Nominal data is a type of categorical data that represents variables that have two or more categories without any natural ordering or hierarchy. It is named “nominal” because the values or categories are merely names or labels, with no quantitative meaning. In other words, nominal data cannot be ordered or ranked in a meaningful way.
Characteristics of nominal data include:
- The categories must be mutually exclusive, meaning each observation or individual can only belong to one category.
- The categories must be exhaustive, meaning every observation or individual must be able to be classified into one of the categories.
- The categories must be discrete and distinct, meaning there cannot be any overlap or ambiguity between them.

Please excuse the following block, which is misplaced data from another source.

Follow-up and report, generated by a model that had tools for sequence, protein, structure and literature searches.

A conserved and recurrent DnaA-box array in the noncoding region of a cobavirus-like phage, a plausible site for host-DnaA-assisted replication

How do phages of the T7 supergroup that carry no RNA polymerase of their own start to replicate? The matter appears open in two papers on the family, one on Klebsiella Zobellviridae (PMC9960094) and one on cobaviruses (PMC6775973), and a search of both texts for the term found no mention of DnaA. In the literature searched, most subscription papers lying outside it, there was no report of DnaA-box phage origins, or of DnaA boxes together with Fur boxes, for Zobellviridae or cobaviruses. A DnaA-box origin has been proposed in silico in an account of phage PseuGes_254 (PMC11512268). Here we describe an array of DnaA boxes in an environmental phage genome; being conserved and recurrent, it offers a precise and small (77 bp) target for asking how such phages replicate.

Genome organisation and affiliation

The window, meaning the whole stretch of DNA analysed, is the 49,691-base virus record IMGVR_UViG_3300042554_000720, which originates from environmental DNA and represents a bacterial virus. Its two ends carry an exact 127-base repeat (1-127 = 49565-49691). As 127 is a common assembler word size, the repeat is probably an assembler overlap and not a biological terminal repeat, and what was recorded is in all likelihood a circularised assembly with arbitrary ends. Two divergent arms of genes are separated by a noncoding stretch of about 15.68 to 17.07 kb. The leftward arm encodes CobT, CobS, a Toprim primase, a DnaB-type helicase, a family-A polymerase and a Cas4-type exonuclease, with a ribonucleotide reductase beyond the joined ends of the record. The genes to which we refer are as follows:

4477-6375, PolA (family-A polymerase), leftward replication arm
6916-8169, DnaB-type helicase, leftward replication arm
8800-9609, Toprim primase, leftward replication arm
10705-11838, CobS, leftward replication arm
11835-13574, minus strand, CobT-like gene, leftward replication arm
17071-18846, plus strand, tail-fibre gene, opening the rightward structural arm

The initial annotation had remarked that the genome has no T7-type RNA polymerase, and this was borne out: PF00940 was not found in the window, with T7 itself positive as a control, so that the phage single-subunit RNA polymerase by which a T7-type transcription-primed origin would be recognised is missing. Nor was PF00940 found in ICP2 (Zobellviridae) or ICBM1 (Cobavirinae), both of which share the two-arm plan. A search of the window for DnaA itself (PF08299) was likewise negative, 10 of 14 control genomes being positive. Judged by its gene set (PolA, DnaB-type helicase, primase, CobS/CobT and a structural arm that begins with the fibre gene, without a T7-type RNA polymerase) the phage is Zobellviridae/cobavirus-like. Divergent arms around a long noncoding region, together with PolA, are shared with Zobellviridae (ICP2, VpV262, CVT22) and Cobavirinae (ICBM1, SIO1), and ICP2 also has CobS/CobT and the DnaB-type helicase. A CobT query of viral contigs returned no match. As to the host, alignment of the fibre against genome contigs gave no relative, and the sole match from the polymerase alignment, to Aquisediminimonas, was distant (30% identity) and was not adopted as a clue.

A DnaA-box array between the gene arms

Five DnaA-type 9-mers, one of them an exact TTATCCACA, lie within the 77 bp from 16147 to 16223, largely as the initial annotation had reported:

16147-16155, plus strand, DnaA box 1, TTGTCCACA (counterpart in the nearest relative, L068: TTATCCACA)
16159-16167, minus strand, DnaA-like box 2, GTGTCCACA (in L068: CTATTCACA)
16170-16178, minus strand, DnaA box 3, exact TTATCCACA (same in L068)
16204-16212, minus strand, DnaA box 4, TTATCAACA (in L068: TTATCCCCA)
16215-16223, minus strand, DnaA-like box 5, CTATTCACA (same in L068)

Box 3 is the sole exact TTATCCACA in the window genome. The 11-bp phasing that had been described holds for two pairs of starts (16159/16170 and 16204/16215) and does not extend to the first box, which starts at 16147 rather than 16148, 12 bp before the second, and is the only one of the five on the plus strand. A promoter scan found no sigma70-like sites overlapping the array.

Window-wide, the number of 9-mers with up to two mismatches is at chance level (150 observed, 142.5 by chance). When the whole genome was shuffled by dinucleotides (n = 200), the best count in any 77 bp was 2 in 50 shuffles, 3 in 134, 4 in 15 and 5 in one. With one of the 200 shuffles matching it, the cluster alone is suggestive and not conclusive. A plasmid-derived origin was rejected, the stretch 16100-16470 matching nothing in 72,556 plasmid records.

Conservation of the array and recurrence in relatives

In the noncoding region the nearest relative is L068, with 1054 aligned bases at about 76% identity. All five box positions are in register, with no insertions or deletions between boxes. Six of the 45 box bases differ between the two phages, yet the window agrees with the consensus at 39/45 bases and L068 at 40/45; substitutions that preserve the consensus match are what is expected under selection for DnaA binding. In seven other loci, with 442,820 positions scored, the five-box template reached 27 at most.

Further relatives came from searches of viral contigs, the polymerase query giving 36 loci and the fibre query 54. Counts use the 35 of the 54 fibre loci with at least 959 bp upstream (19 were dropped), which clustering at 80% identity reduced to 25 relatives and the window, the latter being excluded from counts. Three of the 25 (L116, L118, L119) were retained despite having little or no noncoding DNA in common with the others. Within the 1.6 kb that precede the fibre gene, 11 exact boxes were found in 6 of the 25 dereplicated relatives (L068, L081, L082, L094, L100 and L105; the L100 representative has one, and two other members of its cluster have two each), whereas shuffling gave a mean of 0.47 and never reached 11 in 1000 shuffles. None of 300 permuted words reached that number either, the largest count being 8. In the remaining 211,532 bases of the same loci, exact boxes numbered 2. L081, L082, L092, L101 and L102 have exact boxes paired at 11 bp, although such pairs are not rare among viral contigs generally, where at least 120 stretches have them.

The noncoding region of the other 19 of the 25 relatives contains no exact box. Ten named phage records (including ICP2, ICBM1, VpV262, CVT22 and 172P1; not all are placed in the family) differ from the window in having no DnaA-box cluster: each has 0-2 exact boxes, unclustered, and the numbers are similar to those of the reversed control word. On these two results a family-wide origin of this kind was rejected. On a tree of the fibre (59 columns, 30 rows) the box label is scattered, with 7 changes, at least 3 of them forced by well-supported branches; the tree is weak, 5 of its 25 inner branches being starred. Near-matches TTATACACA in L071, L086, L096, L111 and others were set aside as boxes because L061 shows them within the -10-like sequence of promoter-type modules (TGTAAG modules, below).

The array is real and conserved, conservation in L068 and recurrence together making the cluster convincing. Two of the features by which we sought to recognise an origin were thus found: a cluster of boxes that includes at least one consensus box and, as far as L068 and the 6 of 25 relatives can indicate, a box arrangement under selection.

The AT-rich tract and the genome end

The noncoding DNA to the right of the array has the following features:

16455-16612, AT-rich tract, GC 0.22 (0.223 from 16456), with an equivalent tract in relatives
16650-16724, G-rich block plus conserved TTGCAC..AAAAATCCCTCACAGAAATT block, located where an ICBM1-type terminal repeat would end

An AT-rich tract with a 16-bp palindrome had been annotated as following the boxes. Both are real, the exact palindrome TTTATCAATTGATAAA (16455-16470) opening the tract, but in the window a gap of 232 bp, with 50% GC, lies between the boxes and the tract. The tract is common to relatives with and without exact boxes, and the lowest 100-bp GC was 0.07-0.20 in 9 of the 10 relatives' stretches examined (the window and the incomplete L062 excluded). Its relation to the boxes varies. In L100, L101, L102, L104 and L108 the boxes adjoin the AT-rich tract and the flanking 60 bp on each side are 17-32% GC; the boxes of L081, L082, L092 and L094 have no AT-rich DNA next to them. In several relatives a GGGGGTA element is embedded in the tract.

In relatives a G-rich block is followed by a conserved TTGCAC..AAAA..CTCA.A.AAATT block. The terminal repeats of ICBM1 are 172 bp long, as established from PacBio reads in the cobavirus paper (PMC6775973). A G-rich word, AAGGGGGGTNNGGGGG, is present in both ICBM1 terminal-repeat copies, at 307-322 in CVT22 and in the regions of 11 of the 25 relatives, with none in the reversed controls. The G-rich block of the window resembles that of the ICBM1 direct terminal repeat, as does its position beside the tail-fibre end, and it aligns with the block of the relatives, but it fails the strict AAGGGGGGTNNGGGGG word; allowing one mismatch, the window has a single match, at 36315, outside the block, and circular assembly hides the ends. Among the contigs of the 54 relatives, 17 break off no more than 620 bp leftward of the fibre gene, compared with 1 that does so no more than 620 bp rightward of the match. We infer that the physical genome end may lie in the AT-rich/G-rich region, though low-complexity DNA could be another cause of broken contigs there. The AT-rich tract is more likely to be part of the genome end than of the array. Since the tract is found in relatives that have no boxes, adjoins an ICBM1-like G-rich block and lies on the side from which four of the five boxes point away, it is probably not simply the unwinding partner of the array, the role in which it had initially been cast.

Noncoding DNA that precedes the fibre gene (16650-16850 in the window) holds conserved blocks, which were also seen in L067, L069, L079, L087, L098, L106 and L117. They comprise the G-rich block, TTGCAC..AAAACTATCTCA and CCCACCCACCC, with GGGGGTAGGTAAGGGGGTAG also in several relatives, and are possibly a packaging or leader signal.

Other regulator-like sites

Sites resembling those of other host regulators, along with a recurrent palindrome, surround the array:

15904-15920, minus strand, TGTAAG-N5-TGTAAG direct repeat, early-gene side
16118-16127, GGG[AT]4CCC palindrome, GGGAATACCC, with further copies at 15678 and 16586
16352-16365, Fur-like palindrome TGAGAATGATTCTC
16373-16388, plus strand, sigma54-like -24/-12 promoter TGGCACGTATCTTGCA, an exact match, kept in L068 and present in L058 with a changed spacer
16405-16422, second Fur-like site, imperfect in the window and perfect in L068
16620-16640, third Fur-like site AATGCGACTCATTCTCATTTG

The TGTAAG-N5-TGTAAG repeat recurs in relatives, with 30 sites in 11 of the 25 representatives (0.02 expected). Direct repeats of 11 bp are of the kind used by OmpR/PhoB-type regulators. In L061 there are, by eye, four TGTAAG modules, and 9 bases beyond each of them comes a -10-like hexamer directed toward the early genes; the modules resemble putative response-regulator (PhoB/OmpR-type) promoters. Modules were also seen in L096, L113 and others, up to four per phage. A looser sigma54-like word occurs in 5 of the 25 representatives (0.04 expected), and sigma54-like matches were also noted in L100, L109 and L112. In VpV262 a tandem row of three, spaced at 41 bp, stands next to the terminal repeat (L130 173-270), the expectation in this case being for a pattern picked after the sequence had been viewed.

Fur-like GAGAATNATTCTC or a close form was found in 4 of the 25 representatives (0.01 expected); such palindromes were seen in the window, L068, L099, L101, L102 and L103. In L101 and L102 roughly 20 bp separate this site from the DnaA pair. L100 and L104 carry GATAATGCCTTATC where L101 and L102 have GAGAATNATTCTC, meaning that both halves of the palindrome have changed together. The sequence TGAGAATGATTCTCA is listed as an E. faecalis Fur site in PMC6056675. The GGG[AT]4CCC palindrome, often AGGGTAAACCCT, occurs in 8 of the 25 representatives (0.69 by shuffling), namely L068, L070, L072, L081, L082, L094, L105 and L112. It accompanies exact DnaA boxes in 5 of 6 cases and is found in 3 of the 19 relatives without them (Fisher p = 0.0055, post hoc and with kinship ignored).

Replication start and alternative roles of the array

Examples of nominal data include:
- Gender: male or female
- Marital status: single, married, divorced, widowed
- Eye color: blue, green, brown, black, hazel
- Blood type: A, B, AB, O
- Race/ethnicity: Asian, Black or African American, Hispanic or Latino, White
- Religion: Christianity, Islam, Judaism, Buddhism, Hinduism, etc.
In summary, nominal data is a type of categorical data that represents variables without any natural order or hierarchy. It is used to classify observations or individuals into distinct, mutually exclusive categories that are exhaustive and discrete. Nominal data is often used in research studies and statistical analysis to categorize data and identify patterns or relationships between variables.